Buffett Likes A Bargain

Do you believe that a 3.20% 10-year bond yield alters Buffett’s preference for stocks over all other asset classes? Not a chance! It’s not even close that bonds compete with stocks at these or even slightly higher bond yields compared with all-time record levels of corporate earnings and cash flow. The earnings yield whips bond yields by a country mile.

So, where’s the beef? Are you really afraid of bond yields rising slightly above 3.5% in an expanding economy with nominal growth over 5% and inflation around 2.0%? Growth is good! While we will see less growth in 2019 and 2020, no recession is in slight. Inflation will stay contained too as productivity accelerates holding down unit labor costs after a sharp boost in capital spending in 2018. Corporate profits and cash flow will continue to increase too. Stop looking in the rear-view mirror at historic multiples as interest rates, even after the rise to 3.25%, are historically low. Our stock market is undervalued today!

We live in a VUCA (volatile, uncertain, complex, and ambiguous) environment. So, plan accordingly by controlling risk and maintaining excess liquidity to take advantage of volatile moves in the market. And only buy best in breed with superior managements and winning strategic long-term plans. Like Buffett, invest for the long term. It’s better to buy down than pay up. Buffett likes a bargain. So do we!

Maybe Powell made an error saying that rates are not even close to normalization. But what is normalization anyway? We have lived through many years of excessive monetary ease which included a ridiculously low Federal Funds rate plus the Fed massively buying government debt of all maturities. While that policy kept our economy from falling into the abyss, broad economic growth really did not occur until there were changes in tax and regulatory policies under Trump. Yes, give Trump some credit for boosting our underlying economy. The economy did grow under Obama’s Presidency, but it was due for the most part to monetary stimulus. It did not hurt that bonds yields fell to next to nothing, and the stock market multiple rose dramatically increasing stock prices. It’s time that we come off a sugar high and move toward normalization. That’s good.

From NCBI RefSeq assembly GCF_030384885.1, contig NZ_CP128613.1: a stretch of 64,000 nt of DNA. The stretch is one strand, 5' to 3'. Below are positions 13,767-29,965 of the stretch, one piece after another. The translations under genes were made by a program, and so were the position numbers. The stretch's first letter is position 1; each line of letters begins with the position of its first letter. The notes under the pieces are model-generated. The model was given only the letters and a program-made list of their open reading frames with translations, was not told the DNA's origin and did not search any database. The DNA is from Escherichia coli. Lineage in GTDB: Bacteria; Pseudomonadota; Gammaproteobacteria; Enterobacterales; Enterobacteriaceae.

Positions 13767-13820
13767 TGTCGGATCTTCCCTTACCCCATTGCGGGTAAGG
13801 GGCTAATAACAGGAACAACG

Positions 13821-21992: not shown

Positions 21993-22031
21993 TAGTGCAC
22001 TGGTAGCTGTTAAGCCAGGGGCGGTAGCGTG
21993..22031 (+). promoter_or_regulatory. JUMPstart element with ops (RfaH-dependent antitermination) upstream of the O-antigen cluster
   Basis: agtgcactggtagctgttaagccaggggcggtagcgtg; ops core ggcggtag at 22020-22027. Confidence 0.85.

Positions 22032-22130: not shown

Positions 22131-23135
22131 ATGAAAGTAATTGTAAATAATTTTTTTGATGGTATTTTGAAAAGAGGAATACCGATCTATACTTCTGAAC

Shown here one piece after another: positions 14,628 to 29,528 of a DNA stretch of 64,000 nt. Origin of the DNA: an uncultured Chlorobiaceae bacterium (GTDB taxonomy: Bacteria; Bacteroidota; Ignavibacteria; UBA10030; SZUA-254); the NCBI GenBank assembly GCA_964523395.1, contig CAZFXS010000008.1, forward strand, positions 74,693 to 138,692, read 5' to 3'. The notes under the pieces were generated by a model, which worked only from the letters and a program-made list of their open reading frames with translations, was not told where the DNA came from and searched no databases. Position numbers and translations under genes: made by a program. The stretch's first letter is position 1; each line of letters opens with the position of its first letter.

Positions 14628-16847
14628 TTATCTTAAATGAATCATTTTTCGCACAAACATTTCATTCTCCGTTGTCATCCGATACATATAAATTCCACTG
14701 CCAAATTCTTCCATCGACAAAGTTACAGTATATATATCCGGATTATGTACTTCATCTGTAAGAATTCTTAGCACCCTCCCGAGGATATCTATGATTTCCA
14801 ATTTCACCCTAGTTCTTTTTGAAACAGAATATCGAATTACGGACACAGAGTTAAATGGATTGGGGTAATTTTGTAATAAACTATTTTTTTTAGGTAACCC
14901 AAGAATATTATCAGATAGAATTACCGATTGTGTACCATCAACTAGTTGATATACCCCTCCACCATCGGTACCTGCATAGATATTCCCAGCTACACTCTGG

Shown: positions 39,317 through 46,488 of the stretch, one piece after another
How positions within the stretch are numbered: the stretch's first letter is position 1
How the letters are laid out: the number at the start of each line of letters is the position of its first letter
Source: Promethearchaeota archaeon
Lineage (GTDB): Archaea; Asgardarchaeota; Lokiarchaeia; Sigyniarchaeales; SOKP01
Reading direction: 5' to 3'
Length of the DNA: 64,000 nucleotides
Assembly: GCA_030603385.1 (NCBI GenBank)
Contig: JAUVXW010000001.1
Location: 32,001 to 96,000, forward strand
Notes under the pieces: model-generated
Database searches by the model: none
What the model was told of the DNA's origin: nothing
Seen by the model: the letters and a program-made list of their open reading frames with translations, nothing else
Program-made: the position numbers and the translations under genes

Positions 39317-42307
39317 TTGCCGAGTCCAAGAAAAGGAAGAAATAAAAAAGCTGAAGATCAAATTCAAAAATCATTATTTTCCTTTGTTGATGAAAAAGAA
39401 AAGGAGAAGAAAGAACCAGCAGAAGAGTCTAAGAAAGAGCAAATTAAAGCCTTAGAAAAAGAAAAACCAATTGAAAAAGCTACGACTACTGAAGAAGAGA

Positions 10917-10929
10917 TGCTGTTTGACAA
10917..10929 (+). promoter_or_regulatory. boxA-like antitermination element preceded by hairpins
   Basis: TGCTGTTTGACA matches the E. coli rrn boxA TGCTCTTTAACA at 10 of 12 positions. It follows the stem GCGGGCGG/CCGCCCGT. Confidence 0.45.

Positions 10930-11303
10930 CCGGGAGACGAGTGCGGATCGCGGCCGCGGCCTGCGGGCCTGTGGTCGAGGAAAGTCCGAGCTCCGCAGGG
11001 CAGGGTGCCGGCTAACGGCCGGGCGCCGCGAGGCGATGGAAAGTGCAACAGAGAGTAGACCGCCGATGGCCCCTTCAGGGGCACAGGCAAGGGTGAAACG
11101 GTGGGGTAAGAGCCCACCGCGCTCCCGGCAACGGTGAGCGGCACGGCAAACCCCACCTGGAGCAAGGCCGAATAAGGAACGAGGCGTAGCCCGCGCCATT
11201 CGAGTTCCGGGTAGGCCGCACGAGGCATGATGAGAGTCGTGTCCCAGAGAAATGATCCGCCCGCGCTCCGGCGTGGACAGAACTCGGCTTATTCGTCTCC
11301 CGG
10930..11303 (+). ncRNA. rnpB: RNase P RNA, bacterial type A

Let us state unequivocally that inflation is NOT a problem for all the reasons we have stated many times. Our Fed and all other monetary bodies should promote growth first and foremost as the alternative is far more dangerous for the world economies. Deflation still remains the number one enemy.

We expect the Fed to raise rates in December and no more than two times in 2019, if that. We expect Powell to lower his view of normalization to below 3.0% too. We expect the BOJ. ECB and Bank of China to remain extremely accommodative. The dollar will stay anchored at higher levels until trade deals are reached and global economies reaccelerate. Our deal with Canada and Mexico should go into effect in November. We do expect deals with Japan and the ECB in the foreseeable future too, so be patient. China may be a different story. Corporations have begun shifting their supply lines to other countries away from China with negative longer-term implications for the Chinese economy and its people. China 2025 is at jeopardy unless the government really opens up its economy to multinationals taking less ownership while agreeing that IP must be protected. The ball is squarely with the Chinese government to act as we do not expect Trump to ease up. Nor should he! Give him credit for playing the long ball.

So where are we now?

The US economy has continued to hum along while growth overseas has slowed. Trade issues have hurt business and consumer sentiment everywhere. The IMF has reduced its global economic growth forecast to 3.7% for 2018 and 2019 stating that risks are to the downside without trade issues being resolved. Again, we do expect deals to be reached with Japan and the ECB using the deals with Canada and Mexico as templates. These new deals are not onerous and will be beneficial to global growth. Trump and Chinese President Xi will most likely meet the end of November. Will they pull a rabbit out of the hat? Right now, no one believes so, which is good.

Third-quarter earnings reports have begun in earnest. While we expect strong numbers, managements may decide to temper their enthusiasm due to trade issues. Look over the valley, and don’t focus so much on the short term as there is so much noise out there. You must admit that it was incredible how fast the pundits turned from so bullish to so bearish. The sky is not falling; the economy is strong; corporations are doing just fine, and stocks are undervalued.  Could Nucor raise prices $50/ton if the economy was weakening.? You know that there was some capitulation last Thursday when the defensive stocks, like healthcare, fell as much as everything else. We bought, and are sure that Buffett did too, as others panicked. Think like an investor, not a trader.

We continue to recommend the largest and financially strongest banks who will benefit from loan growth and a steepening yield curve; industrials and capital goods companies; technology at a fair price to growth; domestic steel and aluminum; healthcare; cable and special situations. We do NOT own bonds and are flat the dollar.

If  you are to invest for the long term and buy when others panic, patience and strong belief in your core values is a necessity!

Remember to review all the facts; pause, reflect and consider mindset shifts; always look at your asset mix and risk controls; do independent research and…

Invest Accordingly!

Bill Ehrman
Paix et Prospérité LLC

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